With the family farm now on the market, Kerryn Powell has talked about the aftermath of the tragedy that claimed the lives of his brother and father on Easter Sunday this year.
When Andrew and Ross Powell drowned while trying to save the life of a tourist at Port Campbell, they left behind both a devastated family and community.
Ross' wife, Val, was preparing a housewarming party that day as the older generation moved off-farm for their retirement.
Andrew's partner, Amber Griffiths, was pregnant with their first child.
Andrew himself was planning 30 years ahead for when that child, born just this week, might want to take on the farm.
The pair also left behind a meticulously-run 400-hectare, 485-cow dairy farm at Cooriemungle in south-west Victoria.
Into this void stepped Kerryn Powell, a mechanical fitter working in Queensland's coal mines.
Kerryn had made a new life for himself and his wife in Mackay since leaving the farm eight years ago but did not hesitate to return.
"I approached Amber on Easter Sunday after the accident just to tell her that my wife and I were going to come back to the farm the next day to start working and try to keep things on track," he said.
"Amber had already organised a staff meeting for the next morning.
"After that a handful of the neighbours generously gave up their time to come over to help us with things like assembling all the calf pens, grading the tracks and a whole bunch of other things that Ross and Andy hadn't quite got around to doing.
"The accident happened only three weeks before calving started, the busiest time of year you can get.
"One of Andy's best friends took a whole week off work and just turned up every day to work around the clock, others came each day after they had finished on their own farms, working until 11 o'clock at night, doing their best to get things done."
While admitting to being "pretty lost for the first couple of days", Mr Powell said he and Amber had agreed to take things one step at a time.
"One night, when we had a quiet moment, I had a chat to her about my short-term goals," he said.
"At that time, no one knew what was going to happen and I personally hadn't made my mind up.
"I said, you know, it doesn't matter what happens with the farm but we've got to get through calving and then we will be able to set some medium and longer-term goals."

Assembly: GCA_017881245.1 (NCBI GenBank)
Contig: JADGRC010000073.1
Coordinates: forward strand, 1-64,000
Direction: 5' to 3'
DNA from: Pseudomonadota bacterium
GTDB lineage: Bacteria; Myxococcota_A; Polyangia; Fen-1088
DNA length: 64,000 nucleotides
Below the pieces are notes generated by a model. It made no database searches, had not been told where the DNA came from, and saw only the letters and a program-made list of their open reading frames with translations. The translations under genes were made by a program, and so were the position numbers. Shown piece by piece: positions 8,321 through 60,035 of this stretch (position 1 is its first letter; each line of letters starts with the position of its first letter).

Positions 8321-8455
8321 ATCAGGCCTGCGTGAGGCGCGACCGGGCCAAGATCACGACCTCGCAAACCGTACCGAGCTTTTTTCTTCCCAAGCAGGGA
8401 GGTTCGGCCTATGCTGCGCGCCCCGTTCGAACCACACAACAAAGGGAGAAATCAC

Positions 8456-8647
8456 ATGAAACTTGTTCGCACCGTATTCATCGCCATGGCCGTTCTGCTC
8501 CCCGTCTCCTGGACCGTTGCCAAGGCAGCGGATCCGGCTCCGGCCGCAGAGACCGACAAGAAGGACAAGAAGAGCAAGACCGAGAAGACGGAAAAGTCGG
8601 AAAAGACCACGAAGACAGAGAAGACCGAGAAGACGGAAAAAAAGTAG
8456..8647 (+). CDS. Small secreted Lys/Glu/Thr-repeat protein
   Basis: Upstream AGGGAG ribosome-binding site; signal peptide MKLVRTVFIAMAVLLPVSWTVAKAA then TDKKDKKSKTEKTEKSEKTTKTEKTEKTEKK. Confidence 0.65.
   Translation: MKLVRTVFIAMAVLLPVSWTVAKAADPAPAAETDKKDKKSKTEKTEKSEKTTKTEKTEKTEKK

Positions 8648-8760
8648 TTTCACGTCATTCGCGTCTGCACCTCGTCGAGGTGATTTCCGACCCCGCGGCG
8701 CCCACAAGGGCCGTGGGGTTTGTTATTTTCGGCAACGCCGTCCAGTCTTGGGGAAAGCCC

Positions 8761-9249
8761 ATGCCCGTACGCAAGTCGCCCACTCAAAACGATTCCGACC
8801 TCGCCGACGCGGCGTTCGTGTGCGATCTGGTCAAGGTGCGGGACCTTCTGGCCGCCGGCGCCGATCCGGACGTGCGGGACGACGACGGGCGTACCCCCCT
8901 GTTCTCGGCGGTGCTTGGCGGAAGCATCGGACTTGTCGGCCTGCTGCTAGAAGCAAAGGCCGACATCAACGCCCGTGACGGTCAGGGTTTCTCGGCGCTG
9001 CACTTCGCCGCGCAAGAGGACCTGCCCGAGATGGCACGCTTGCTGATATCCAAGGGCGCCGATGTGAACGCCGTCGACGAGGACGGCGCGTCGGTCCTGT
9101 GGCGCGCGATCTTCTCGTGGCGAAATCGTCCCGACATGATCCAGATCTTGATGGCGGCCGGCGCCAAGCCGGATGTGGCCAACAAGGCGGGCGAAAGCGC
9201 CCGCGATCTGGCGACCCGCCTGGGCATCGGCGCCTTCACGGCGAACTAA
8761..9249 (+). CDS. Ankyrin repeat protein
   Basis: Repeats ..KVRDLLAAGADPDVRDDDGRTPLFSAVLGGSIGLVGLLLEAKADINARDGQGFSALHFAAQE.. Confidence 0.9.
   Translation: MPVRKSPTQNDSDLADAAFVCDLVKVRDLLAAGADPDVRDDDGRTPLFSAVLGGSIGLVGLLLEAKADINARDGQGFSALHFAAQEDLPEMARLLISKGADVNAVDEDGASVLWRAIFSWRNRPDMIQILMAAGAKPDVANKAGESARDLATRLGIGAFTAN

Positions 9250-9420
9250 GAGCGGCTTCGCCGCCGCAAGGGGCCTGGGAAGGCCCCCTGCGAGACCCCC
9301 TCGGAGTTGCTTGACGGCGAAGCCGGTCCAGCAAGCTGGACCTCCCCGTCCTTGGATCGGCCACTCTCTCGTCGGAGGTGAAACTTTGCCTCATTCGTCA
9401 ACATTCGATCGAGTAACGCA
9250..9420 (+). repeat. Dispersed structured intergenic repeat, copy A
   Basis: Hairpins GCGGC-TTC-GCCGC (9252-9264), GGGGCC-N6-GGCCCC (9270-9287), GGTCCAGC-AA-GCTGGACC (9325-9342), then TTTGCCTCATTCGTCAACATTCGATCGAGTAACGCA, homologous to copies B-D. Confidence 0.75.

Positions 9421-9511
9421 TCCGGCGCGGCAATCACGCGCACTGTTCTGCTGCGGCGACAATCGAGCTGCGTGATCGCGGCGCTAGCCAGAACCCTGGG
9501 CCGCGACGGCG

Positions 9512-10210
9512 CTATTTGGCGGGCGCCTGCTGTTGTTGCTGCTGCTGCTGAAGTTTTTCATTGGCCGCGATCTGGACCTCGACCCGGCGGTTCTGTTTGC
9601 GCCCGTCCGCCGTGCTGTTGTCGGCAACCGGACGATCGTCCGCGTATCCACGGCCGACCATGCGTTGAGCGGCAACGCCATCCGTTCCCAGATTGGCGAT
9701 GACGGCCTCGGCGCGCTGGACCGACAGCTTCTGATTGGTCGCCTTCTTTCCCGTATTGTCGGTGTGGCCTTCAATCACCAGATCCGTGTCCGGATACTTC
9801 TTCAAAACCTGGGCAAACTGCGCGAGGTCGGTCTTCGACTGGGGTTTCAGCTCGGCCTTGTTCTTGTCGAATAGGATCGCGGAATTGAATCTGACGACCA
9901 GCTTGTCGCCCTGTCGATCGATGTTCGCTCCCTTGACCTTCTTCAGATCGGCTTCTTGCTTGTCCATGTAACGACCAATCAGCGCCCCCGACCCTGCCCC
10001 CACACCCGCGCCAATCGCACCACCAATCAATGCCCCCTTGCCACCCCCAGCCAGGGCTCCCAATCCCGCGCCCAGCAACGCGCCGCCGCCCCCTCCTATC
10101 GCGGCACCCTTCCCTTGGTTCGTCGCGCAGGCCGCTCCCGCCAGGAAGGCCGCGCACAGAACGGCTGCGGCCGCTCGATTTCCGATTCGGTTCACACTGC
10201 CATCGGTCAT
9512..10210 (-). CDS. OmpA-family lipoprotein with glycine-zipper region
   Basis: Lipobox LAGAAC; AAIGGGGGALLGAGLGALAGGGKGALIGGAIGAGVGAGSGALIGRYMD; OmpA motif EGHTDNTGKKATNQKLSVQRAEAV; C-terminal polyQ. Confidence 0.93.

Mr Powell said the support of volunteers and staff members was pivotal.
"James Maxwell was hired roughly six months before the accident to be Andy's farm manager and run the herd," he said.
"He's just been fantastic.
"He's stepped up to fill Andrew's shoes in so far as running the herd health and maintaining the quality that Andy had set in the dairy."
Mr Powell said Andrew's "love of spreadsheets" had provided an invaluable head start.
"Andy had already planned out all of his dry-off groups, what he was doing with the cows and all the feeding programs," he said.
"Everything was all already documented.
"We're only just now starting to have to think of stuff ourselves, that's how far ahead he thought."
Mr Powell said Mr Maxwell had worked long hours without complaint and the family appreciated the help of staffers Mel and Harry.
Amber's sister, Natalie Griffiths, left Sydney immediately after Easter to work alongside Amber and Mr Powell's own wife has been "waiting patiently" in Mackay while he works on the farm.
"Those extra set of hands gave us more time to think, 'What do we do?'," he said.
"I haven't been home for almost four months now but I'll be here until the end, I'm not going anywhere.
"I'm not going to leave Amber or Mum here by themselves."
Not that Ms Griffiths is anything other than highly capable, managing the farm finances and calf rearing with her sister.
"We've had 30 cows calving a day, it's been such a tight calving pattern," Mr Powell said.
"We got to our target number of 128 really, really quickly and only lost one heifer calf due to a birth defect."
With calving over, the Powells considered the future of the farm, which has been owned by the family since 1939.
"I've known for a long time that farming is just not for me and I was never planning on staying long-term," Mr Powell said.
"I had a conversation with my mother and, separately, another one with Amber asking, 'Is this what you see yourself doing for the rest of the rest of your life?'
"Mum and Dad were making plans to retire.
"I can only assume the reason Andrew hired James to be the herd manager was so he and Amber could take a step back and oversee the whole operation and spend time with their new family.
"Dad would have been able to travel around in his motor home and just want to settle down with Mum.
"To run a farm you need to be invested, you need to have someone here who doesn't run off a clock on an hourly rate.
"If there is something wrong, you just go and do it; nobody else will."
Ross and Andrew had always invested heavily in the farm.
Sub-surface drainage, for example, allowed the heavy clay soil to yield massive quantities of fodder.
"They cut 90 per cent of the farm and got 2200 rolls of silage and 900 rolls of hay last year," he said.
He was philosophical about losing the connection with the farm.
"You have to be realistic about this, you know eventually you have to leave the farm, whether it be handed over or you sell it," he said.
Ideally, Mr Powell said they would like the herd to be sold along with the farm but recognised it might not be possible.
"I'd like to see the herd stay on the farm given the amount of work Dad and Andy had put into the genetics," he said.
"They're lovely, docile cows.
"These are Dad's original cows, he's had this bloodline longer than I've been alive.
"We have already sold some young stock and calves to a cousin this year, so there will always be part of the herd over there with them.
"It's a good feeling."
This story first appeared on Stock & Land
Read more stories like this on Australian Dairyfarmer